When plastics, rubbers, and other products containing oil are burned, soot can turn into a sticky, greasy substance. If you try to wipe it up, it will just smear instead of going away.  Also, because it contains oil, it will be resistant to water-based cleaning products. Unlike dry soot, oily soot will cling to any surface, even vertical areas. 

Protein Soot 
Protein-based soot is a particular type of greasy soot that tends to occur as the buildup in kitchens or the product of a kitchen fire. It involves overcooked proteins that turn to soot, and it has a very pungent odor. This type of soot is quite hard to get rid of, and the odor may linger if it is not cleaned up properly. 

What Should You Do About Soot Damage?

When dealing with soot damage, you have a few different options available. 

Dry Clean the Soot 
If you primarily have dry soot in your home, you can use dry cleaning methods to pick up most of the soot. These methods are essentially the same methods you would use for removing dust. A dry cloth can remove soot from tables and furniture, while a vacuum can pick it up off of carpets, upholstery, and flooring. Dry-cleaning will ensure that powdery soot does not smear into a blackened grime. 

This method is a little tedious, so it is normally only recommended for smaller areas of soot. It can be helpful for doing a basic clean up and ensuring the soot does not spread before you can get more help. Keep in mind that if you try a dry-cleaning method and the soot begins to smear, you may need to try a wet cleaning method.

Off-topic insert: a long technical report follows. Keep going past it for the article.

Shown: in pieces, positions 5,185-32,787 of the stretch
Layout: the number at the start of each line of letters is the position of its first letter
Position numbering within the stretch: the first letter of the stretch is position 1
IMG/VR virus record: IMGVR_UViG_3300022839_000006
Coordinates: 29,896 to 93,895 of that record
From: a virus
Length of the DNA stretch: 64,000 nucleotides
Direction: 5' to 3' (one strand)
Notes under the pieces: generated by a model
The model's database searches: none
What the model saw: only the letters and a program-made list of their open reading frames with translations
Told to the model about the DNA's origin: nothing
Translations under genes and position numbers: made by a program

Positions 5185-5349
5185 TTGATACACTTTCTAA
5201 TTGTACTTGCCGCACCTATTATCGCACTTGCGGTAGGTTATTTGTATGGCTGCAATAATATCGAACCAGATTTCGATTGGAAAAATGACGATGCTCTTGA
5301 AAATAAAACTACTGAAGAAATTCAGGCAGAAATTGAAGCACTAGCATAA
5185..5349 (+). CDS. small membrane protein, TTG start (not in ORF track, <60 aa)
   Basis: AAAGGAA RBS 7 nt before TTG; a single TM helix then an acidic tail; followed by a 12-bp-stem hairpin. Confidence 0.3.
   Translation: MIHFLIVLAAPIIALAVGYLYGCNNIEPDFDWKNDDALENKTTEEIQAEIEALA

Wet Clean the Soot 
A wet cleaning method can be effective if you have wet or oily soot. To use this method, combine soap with water to lightly scrub an area with soot. Try testing it in a small area to ensure that it can actually pick up soot without making the mess worse or damage the underlying surface. 

Wet cleaning soot does have some benefits because it can pick up soot that is mixed in with oil or moisture. However, it is quite time-consuming and requires a lot of effort. Another downside of wet cleaning soot methods is that they are only feasible on tile or other waterproof surfaces. Using water to clean drywall, wood, or electronics is not advisable. 

Call In the Professionals 

Though DIY techniques might work for smaller areas of soot, it is not always an option. Significant soot damage to the home can be overwhelming to clean on your own. You may also find that you do not have the right cleaning solutions for removing soot from certain types of surfaces without damaging them. In these sorts of situations, it is probably a good idea to get help from a trusted restoration professional. 
Most companies that clean up fire damage and mold or storm damage also offer professional soot cleaning options. A professional service can help to get rid of any lingering odors and ensure that there are not tiny particles of soot stuck behind that could cause breathing issues. Restoration professionals have the specialized equipment required to thoroughly remove soot from the home. 

Whether you are recovering from a huge house fire or just want to get rid of accumulated soot darkening your walls and ceilings, Paul Davis Restoration can help. Our home restoration and recovery experts have the experience and tools needed to deal with this tricky substance and make your home a soot-free environment.